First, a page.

Friday, December 21, 2012

Cost Analysis in Shoulder Arthroplasty

This is an interesting foray into some methodology for understanding the costs associated with shoulder reconstruction. We salute this effort. The authors state " The bundled payment initiative provides an opportunity for surgeons to take an active role in cost containment. The ultimate goal for surgeons it to decrease cost while maintaining or improving the quality of care delivered. We hypothesize that simply the awareness of costs associated with the episode of care of shoulder arthroplasty surgery will naturally cause surgeons to increase effi ciency of care and decrease associated costs. It is critical that research continues to be performed regarding costs in shoulder arthroplasty to provide every shoulder surgeon
with a method to collect cost and outcomes data."

As we consider methodology for approaching this challenge we need to develop a standard approach for (1) characterizing the benefit of the surgical intervention and (2) capturing the cost of that intervention. The quotient of these two quantities is the value of the intervention to a particular patient. A given surgical intervention may be of different value to to different patients, but with a consistent methodology, we can take a step toward determining which treatments are of the greatest value to which groups of patients.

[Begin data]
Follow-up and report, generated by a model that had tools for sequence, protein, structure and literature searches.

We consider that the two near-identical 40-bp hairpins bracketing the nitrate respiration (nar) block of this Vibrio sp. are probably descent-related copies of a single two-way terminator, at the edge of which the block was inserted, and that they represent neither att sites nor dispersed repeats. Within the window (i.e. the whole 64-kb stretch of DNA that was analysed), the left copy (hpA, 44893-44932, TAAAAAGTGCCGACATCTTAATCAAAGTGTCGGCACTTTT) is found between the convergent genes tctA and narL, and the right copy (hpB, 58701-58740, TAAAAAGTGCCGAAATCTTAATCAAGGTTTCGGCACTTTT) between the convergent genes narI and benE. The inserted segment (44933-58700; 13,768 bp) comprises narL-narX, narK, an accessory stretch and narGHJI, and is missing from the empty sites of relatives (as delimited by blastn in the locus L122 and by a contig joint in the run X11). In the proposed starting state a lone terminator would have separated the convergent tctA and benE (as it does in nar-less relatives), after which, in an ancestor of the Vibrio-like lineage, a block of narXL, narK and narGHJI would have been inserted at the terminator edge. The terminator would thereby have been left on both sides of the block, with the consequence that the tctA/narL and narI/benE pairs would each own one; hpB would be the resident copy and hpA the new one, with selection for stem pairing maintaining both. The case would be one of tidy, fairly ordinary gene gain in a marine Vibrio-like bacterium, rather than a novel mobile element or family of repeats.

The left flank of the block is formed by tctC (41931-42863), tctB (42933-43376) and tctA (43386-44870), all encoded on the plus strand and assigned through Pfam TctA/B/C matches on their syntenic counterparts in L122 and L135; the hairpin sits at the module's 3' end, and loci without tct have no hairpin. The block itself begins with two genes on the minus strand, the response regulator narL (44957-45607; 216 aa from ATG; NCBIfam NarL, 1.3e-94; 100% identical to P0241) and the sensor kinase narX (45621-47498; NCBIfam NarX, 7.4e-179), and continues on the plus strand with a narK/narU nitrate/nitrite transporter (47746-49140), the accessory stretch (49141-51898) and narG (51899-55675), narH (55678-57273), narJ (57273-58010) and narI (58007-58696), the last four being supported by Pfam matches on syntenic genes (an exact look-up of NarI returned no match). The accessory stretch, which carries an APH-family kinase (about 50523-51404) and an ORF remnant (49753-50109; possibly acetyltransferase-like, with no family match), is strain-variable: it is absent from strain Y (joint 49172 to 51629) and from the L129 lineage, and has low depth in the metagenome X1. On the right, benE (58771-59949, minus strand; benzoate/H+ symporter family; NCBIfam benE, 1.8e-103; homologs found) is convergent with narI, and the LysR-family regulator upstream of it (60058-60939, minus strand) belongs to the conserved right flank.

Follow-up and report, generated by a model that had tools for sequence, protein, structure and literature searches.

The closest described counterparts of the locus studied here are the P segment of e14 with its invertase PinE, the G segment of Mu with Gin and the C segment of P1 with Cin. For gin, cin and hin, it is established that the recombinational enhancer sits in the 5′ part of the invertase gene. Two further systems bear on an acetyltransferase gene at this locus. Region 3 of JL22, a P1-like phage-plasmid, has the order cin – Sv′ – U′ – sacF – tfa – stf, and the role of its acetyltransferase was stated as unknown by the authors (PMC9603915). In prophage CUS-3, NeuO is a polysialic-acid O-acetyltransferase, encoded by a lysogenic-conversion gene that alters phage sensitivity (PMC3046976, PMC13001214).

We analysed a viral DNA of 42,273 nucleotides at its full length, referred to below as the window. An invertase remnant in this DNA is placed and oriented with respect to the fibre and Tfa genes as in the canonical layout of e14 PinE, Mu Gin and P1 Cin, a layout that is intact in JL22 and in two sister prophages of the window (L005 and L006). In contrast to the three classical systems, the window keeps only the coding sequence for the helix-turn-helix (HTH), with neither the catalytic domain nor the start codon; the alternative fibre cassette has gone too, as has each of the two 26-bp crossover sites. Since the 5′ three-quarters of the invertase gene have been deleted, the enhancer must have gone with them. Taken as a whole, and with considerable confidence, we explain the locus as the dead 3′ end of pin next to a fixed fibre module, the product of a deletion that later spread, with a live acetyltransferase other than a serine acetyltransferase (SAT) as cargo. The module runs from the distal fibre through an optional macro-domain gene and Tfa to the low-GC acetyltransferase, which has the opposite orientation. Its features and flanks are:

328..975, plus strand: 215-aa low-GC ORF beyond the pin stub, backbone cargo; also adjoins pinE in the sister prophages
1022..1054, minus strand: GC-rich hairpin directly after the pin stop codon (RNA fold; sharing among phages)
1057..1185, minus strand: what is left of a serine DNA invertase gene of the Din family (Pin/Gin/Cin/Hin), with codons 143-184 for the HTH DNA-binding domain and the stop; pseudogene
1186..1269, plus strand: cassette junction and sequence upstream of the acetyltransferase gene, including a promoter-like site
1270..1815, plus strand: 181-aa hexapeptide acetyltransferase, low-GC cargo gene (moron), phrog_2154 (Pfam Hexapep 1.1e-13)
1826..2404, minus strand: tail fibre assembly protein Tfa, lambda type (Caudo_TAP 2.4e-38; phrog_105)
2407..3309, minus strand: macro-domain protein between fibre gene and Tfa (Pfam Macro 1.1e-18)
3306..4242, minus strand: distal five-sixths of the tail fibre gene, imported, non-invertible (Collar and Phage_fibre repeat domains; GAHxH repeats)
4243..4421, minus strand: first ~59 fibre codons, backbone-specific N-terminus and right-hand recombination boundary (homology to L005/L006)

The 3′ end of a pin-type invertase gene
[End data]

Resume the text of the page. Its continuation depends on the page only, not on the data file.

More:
As for characterizing the benefit of the surgical intervention, the metric needs to be something easy to apply so that its application is not restricted by cost or inconvenience. In that regard we are drawn to a simple patient self-assessment of shoulder function. The difference between the posttreatment and the pretreatment values at a point in time after treatment is the benefit of the intervention at that time.

As for capturing the cost of the treatment, this is more complex. It needs to include the costs of the preoperative assessment (visit, MRI, CT, 3D reconstruction), the implant, the surgeon fees, anesthesiology, medications, pain management costs, hospitalization, physical therapy, and the costs of revisions for failure. Anything that reduces the cost (i.e. avoiding a preop CT or using a less expensive implant or using patient-conducted PT) without reducing the benefit results in increased value.

Now's a good time to focus on the value equation.


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